Few things perplex expectant parents more than picking just the right name for their child — and the middle name is no exception. It must have both gravitas and joie de vivre, and set the tone for a lifetime of repetition on official forms. But what good is a middle name, anyway?
The modern tradition of inserting a middle name (or two) into a child's moniker most likely began in the Middle Ages when parents gave babies a personalized first name and a saint's name for a middle name, followed by a surname. By the mid-1800s, this European habit began to enter the United States, brought along by immigrants, and began to take on new significance. Middle names inspired by saints were sometimes replaced by nonreligious middle names, such as a maternal maiden name, and by the time the Civil War began in 1861, middle names were given purely at the parents' discretion — any name of their liking was fair game — and were often aspirational in nature, with two or three middle names given. After all, a fictional name like Peter Aurelius Oliver Smith carries a little more weight than plain ol' Pete Smith, doesn't it?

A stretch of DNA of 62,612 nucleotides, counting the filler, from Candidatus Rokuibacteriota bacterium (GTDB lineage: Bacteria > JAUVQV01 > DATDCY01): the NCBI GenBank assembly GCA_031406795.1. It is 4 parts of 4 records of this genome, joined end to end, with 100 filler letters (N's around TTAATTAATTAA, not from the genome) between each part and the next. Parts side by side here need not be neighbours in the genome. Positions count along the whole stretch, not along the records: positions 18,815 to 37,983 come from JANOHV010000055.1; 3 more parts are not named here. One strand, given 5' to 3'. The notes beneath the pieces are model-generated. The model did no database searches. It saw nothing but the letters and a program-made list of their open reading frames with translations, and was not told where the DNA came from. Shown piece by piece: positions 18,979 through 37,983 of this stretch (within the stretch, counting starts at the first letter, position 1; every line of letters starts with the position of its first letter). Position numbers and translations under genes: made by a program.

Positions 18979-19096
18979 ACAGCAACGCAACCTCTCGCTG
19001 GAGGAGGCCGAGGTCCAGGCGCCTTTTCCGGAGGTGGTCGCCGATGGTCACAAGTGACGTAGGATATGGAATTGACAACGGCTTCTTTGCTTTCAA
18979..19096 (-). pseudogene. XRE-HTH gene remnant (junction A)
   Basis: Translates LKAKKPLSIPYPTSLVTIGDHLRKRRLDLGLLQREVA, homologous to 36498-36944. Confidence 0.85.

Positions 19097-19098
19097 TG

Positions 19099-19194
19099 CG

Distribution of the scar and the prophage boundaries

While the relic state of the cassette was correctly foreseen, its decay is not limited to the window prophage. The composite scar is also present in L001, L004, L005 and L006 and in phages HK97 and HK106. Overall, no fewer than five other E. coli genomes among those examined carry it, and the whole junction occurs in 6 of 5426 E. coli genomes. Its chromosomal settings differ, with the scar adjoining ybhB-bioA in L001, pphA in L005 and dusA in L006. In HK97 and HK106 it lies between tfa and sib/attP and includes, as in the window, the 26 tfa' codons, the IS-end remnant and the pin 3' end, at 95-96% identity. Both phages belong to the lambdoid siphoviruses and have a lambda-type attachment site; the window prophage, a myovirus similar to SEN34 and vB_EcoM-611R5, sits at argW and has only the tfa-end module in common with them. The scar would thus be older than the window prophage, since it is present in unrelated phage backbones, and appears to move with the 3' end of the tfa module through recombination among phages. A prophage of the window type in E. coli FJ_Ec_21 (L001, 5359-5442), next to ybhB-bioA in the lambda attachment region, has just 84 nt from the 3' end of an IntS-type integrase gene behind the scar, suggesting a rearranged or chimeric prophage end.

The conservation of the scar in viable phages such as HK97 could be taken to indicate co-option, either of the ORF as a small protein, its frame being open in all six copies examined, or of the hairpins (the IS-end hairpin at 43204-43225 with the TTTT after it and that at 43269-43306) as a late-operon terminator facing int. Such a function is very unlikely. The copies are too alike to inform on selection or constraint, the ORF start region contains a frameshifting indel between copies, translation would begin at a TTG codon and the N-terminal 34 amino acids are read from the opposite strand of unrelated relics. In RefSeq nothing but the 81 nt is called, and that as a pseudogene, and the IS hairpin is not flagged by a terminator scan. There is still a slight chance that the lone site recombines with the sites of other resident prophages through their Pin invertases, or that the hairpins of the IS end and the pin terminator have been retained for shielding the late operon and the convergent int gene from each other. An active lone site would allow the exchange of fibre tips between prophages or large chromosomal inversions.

The idea of a middle name took hold in the U.S., and by the advent of World War I in 1914, official enlistment forms became the first government documents to request applicants' middle names. Middle names were so much the norm that when computers became routinely used for U.S. citizen documents, they were programmed to recognize three names. Not two. Or four. Only three. If a middle name wasn't entered, the program would automatically insert NMI, which was a military abbreviation for "no middle initial."
And for those without a middle name, let alone an initial? Invention is the key to success. For Joanne Kathleen Rowling, better known as J.K. Rowling, author of the Harry Potter series, the middle name "Kathleen" is a fictional affect — appearing as if by magic.